Miller: Why Tommy John surgeries won’t cease any time soon

From Sam Miller at ESPN The Magazine on May 19, 2015:

1 It’s everything the scouts want. It’s a 94 mph fastball, a changeup with tail and a slow curveball with a 1-to-7 shape. It’s command to both sides of the plate. It’s a tall body, a pitcher’s body. It’s the deception out of the left hand, obscured by a rock ‘n’ roll delivery and a soft, closed stride. It’s any pitch at any count. It’s the best amateur pitcher in the world, 17-year-old Brady Aiken, on a high school field in San Diego, months before baseball’s 2014 draft, a future big leaguer dominating future estate lawyers and future math teachers and future landscapers. It’s potential, and it’s as beautiful and fragile a thing as baseball can create.

2 When we throw overhand, it puts what’s called valgus stress on the arm, which is a fancy way of saying the elbow is trying to bend in an unnatural direction. And when somebody throws 95 mph, it creates so much valgus stress that the forearm essentially wants to detach from the body; if it could, it would simply fly into space. But one 2-inch ligament in the elbow holds two bones together and keeps the forearm in place. It is a pretty important screw.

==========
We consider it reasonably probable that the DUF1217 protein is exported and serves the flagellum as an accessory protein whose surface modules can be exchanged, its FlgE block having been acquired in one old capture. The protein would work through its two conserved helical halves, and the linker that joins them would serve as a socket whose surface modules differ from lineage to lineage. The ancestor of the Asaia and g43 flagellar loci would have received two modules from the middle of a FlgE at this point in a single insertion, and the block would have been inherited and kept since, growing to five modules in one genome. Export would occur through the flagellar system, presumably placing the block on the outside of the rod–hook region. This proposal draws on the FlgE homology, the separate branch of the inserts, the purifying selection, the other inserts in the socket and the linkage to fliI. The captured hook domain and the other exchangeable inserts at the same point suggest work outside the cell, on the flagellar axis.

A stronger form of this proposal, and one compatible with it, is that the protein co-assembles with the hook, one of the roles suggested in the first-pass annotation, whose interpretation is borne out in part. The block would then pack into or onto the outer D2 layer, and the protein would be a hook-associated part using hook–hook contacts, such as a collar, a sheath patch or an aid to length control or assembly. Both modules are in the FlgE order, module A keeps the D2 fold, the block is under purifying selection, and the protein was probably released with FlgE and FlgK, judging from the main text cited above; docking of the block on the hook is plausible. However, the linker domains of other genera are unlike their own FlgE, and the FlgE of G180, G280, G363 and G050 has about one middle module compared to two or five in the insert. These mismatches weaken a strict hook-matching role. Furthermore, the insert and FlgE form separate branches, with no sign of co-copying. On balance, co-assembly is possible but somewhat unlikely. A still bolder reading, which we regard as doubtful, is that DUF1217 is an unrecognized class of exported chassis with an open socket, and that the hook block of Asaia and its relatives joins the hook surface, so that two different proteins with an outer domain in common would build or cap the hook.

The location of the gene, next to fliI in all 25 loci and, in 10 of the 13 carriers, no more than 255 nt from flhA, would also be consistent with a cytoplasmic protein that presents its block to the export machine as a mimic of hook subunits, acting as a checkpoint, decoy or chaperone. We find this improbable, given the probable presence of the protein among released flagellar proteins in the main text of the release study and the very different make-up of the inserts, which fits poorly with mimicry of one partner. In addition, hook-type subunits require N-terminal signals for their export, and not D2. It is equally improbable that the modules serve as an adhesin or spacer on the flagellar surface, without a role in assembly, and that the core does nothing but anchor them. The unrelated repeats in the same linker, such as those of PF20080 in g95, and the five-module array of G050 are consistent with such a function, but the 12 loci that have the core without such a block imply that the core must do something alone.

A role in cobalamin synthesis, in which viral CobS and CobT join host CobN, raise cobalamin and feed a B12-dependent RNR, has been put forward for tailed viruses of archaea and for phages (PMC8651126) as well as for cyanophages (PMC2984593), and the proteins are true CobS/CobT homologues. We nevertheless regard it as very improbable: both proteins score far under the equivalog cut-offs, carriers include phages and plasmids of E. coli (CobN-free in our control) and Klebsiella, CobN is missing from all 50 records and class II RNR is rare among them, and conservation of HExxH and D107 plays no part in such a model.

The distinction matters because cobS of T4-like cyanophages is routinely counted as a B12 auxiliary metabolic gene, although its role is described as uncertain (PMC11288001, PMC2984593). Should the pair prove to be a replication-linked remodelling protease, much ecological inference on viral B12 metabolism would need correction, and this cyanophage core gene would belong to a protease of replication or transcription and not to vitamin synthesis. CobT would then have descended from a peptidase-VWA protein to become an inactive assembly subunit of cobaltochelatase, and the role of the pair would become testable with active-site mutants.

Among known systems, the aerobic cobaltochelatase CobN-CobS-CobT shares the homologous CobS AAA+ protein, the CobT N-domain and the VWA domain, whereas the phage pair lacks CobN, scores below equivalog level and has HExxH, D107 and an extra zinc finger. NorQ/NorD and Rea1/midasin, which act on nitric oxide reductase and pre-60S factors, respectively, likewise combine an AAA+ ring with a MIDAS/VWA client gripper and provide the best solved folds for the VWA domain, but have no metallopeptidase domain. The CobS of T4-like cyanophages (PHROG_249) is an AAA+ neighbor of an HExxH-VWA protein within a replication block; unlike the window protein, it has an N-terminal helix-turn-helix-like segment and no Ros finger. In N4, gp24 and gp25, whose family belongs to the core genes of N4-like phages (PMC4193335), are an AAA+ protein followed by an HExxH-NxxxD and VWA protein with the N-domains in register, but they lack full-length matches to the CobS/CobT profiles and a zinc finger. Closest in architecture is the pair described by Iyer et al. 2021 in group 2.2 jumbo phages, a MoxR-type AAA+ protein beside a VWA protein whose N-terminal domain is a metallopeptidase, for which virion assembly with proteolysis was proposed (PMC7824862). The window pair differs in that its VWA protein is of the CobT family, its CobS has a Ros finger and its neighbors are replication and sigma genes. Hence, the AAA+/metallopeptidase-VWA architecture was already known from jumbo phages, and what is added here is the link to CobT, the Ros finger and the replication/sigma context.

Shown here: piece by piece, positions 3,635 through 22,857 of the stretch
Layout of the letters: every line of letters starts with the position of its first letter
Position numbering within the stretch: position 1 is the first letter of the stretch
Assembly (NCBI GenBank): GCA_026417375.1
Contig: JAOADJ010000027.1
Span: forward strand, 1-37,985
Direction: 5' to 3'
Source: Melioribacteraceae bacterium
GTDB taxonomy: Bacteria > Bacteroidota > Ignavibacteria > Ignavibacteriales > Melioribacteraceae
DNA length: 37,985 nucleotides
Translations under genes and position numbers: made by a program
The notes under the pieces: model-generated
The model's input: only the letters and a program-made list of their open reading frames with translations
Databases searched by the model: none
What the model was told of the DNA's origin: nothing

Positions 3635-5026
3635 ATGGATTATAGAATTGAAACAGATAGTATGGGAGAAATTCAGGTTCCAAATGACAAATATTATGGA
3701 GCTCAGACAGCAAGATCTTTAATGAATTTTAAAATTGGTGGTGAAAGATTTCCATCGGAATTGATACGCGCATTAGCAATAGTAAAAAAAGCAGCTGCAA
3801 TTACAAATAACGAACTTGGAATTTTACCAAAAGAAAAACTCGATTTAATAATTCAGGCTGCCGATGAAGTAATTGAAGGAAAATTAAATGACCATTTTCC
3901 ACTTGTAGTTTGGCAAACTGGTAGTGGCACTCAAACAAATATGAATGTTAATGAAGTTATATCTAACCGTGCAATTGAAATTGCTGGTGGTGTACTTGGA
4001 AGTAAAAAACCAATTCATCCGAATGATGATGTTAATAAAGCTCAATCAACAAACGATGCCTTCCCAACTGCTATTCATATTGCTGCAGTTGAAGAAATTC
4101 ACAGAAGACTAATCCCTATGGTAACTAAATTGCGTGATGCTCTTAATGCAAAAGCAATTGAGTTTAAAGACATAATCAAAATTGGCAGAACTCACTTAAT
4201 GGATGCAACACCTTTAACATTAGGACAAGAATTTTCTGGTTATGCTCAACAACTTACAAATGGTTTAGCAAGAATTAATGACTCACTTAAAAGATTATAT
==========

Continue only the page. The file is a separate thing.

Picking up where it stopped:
But ligament is not muscle; it can’t be strengthened through exercise as well as muscle can be. It is also not bone, which will adapt to the stress placed upon it. Ligament is just fibrous tissue, and an elite pitcher’s ligaments are pretty much the same as yours and mine for one reason: There is little he can do to make his better.

Rick Peterson, the Orioles’ director of pitching development, recalls a physicist who approached him after a conference. The physicist had done some calculations. The force exerted on the elbow ligament in the 0.03 of a second of acceleration during a pitch? If a human were exposed to that for 60 seconds, the physicist said, he’d die. So the ligament is pretty tough. It’s just not getting any tougher.

3 This is the story of baseball’s Tommy John epidemic, which is so complex and confounding that that simple phrase isn’t even correct: The name conflates the cause (ulnar collateral ligament damage) with the cure; the word “epidemic” implies something contagious (it is not) and suggests we know more than we do. There’s so much we don’t know.

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Originally published: May 20, 2015. Last Updated: May 20, 2015.